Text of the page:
Tempdb files on D drive you say?
Azure warn you not to to store data on the D drive in Azure VMs, but following this advice could mean you are missing out on some very fast local storage. It’s good general advice because this local storage is not permanently attached to your instance, meaning you could lose data or log files if your VM is stopped and restarted but what if you could afford to lose certain files? Say files that are recreated during startup anyway.
TempDB is the ideal candidate for this. No other database is suitable! Putting the tempdb data and log files onto D drive can be achieved quite easily with a little bit of effort. And you will most likely see a big improvement in tempdb read/write latency.
Just look at these results! Even for someone like me who sometimes looks at charts and often can’t see the obvious, I don’t think there is any denying when the change took place here.
Overview of how to configure SQL Server to use D drive for tempdb on Azure VM
- Run the ALTER DATABASE command for all of the files you need to change e.g.
- [sql]ALTER DATABASE [tempdb] MODIFY FILE ( NAME = N’tempdev’, FILENAME = ‘D:\TempDB\tempdev.mdf’)[/sql]
- Create Folder D:\TempDB or something similar
- Restart SQL Server and make sure your files are created in D: as expected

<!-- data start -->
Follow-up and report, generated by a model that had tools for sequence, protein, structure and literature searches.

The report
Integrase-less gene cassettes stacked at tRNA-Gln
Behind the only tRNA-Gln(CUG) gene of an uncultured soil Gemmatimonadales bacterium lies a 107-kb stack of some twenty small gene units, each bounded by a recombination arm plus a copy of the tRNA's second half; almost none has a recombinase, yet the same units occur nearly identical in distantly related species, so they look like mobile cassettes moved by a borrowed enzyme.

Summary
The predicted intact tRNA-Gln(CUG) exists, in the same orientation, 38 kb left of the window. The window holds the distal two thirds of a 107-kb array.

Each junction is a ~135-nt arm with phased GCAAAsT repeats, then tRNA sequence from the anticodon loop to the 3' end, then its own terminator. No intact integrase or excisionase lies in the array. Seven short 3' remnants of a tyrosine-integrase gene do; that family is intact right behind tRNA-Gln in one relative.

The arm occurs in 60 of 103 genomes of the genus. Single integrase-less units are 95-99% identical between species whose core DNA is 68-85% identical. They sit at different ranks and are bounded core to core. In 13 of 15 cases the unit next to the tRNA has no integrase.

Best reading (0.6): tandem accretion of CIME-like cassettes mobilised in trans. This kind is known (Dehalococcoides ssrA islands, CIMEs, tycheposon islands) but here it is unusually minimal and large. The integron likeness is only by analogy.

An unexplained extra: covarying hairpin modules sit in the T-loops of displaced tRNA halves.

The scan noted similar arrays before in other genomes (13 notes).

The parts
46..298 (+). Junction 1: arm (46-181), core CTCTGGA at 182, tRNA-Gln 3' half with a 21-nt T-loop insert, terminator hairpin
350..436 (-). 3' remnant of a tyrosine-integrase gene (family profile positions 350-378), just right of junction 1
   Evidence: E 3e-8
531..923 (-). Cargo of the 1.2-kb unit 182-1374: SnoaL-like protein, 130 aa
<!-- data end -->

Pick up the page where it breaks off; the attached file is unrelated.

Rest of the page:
- Manually remove any old tempdb files still lying around
Now to make sure tempdb is created when the VM restarts
- Create a Powershell script which will create the D:\TempDB folder on startup and start the SQL services
- You could use this script at https://community.idera.com/database-tools/blog/b/community_blog/posts/configuring-tempdb-on-azure-iaas-for-sql-server
- Schedule this script with a Task Scheduler startup job
- Change your execution policy to remote signed if it isn’t that. [shell]Set-ExecutionPolicy RemoteSigned[/shell]
- Change the startup type of your SQL Services to Automatic (Delayed Start)
- Test this thoroughly in dev before you rely on it in production. If it doesn’t work, you’ll need to remember how you configured tempdb and manually create the folders, then start SQL Server. Not a fun task under pressure.
More tempdb goodness